Geographic origin affects larval competitive ability in European populations of the blow fly, Lucilia sericata

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Title: Geographic origin affects larval competitive ability in European populations of the blow fly, Lucilia sericata
Authors: Martínez-Sánchez, Anabel | Smith, Kathy E. | Rojo, Santos | Marcos-García, M. Ángeles | Wall, Richard
Research Group/s: Bionomía, Sistemática e Investigación Aplicada de Insectos Dípteros e Himenópteros
Center, Department or Service: Universidad de Alicante. Departamento de Ciencias Ambientales y Recursos Naturales | Universidad de Alicante. Centro Iberoamericano de la Biodiversidad | University of Bristol. School of Biological Sciences
Keywords: Competition | Calliphoridae | Diptera | Geographic variation | Larvae | Mortality | Development rate | Size
Knowledge Area: Zoología | Ecología
Date Created: 2006
Issue Date: Feb-2007
Publisher: Blackwell Publishing
Citation: MARTÍNEZ SÁNCHEZ, Ana Isabel, et al. "Geographic origin affects larval competitive ability in European populations of the blow fly, Lucilia sericata". Entomologia Experimentalis et Applicata. Vol. 122, Issue 2 (Febr. 2007). ISSN 0013-8703, pp. 93-98
Series/Report no.: IBAI_12 | IBAI_40005
Abstract: The blow fly, Lucilia sericata (Meigen) (Diptera: Calliphoridae), is found throughout Europe. In northern areas, in addition to breeding in carrion, it can also commonly act as primary facultative ectoparasite of sheep, resulting in animal suffering and production losses. However, in the south of Europe, L. Sericata is not usually implicated in myiasis and is found almost entirely in carrion. The causes of this behavioural difference are unclear. To begin to address the possible reasons for this difference, the present study examined the effects of competition on the survival and development of L. Sericata populations derived from southern Spain, England, and a hybrid derived from a cross between Spanish females and UK males. Larvae were reared at a range of different initial densities and the mortality, development rate, and size of the resultant adults were measured. Mortality increased significantly with density, but the Spanish population had a significantly higher mortality rate than the UK population at all densities. Similarly, adult size declined with increased larval density, but individuals from the Spanish population were consistently larger than those from the UK population at all densities. The mortality and size of the hybrids was consistently intermediate between the Spanish and UK populations. No consistent effects on development rate were observed. This study demonstrates that insects from northwestern and southern European population have qualitatively different life history traits and competitive abilities and may contribute towards explaining the different behaviour of populations of this species in different part of its distribution range.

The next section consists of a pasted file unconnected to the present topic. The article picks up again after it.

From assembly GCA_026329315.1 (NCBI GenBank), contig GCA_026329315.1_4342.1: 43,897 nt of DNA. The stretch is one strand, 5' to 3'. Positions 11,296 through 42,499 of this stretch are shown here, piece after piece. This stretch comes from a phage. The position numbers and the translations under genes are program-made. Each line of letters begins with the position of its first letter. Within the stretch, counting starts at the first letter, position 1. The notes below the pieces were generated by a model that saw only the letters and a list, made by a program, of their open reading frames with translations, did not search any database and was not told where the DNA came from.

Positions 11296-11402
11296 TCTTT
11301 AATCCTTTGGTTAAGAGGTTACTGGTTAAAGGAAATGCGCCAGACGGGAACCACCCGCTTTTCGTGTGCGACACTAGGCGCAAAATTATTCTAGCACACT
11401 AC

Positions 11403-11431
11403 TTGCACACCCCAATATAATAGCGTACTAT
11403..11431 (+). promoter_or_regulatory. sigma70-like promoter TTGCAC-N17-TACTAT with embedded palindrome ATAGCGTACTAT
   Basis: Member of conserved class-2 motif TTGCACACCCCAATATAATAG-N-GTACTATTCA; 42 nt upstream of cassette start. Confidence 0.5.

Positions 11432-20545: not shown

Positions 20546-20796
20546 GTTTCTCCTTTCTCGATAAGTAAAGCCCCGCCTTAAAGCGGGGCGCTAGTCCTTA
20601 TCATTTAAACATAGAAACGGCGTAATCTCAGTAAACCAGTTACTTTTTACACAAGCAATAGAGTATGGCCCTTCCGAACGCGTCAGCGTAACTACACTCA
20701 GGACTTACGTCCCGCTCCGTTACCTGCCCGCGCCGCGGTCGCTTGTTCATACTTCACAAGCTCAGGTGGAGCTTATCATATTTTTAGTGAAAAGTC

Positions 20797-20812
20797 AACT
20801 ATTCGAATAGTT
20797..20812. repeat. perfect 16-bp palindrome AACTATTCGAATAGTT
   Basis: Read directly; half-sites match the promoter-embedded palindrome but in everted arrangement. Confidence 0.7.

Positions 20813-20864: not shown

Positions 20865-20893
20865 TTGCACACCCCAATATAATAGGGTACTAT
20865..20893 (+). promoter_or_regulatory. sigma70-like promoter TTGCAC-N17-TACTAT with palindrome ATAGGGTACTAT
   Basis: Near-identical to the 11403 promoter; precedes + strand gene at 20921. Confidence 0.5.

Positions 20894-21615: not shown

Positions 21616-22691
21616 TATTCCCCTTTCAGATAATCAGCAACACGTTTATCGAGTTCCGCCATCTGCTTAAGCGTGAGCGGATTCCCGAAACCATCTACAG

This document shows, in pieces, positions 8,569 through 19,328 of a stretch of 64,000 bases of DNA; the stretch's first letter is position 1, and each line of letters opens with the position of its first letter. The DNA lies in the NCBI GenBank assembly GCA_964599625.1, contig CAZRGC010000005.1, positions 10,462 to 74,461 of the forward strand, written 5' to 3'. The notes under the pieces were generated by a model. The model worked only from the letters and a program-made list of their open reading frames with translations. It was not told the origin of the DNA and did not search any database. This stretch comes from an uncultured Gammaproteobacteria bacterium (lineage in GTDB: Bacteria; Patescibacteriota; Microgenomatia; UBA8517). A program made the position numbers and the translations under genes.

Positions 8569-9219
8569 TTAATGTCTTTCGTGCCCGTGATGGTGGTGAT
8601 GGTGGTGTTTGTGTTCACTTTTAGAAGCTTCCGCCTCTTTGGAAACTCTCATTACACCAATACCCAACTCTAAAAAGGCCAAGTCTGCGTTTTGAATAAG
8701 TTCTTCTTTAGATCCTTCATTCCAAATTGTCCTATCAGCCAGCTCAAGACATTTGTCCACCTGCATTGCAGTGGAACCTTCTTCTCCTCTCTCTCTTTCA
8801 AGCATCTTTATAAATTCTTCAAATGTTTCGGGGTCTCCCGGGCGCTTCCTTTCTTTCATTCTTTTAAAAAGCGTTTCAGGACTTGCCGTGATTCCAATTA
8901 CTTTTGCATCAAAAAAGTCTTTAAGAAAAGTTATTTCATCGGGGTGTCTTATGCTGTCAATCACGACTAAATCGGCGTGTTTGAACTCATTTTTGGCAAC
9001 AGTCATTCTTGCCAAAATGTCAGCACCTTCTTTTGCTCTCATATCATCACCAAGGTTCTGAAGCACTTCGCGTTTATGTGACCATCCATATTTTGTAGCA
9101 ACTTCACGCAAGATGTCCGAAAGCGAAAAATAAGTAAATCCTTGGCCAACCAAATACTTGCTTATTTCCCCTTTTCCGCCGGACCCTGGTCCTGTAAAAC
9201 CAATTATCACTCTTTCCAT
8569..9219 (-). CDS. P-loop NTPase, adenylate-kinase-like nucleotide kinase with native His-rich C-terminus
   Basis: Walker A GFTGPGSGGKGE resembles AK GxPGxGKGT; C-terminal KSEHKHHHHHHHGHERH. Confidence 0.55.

Sponsor: Financial support was provided by the Spanish Ministry of Environment (Project 040/2002) and the European Commission (LIFE05 ENV/E/000302).
URI: http://hdl.handle.net/10045/2797
ISSN: 0013-8703
DOI: 10.1111/j.1570-7458.2006.00497.x
Language: eng
Type: info:eu-repo/semantics/article
Rights: The definitive version is available at www.blackwell-synergy.com
Peer Review: si
Publisher version: http://dx.doi.org/10.1111/j.1570-7458.2006.00497.x
Appears in Collections:INV - IBAI-DH - Artículos Científicos / Scientific Papers
INV - BBaBC - Artículos de Revistas

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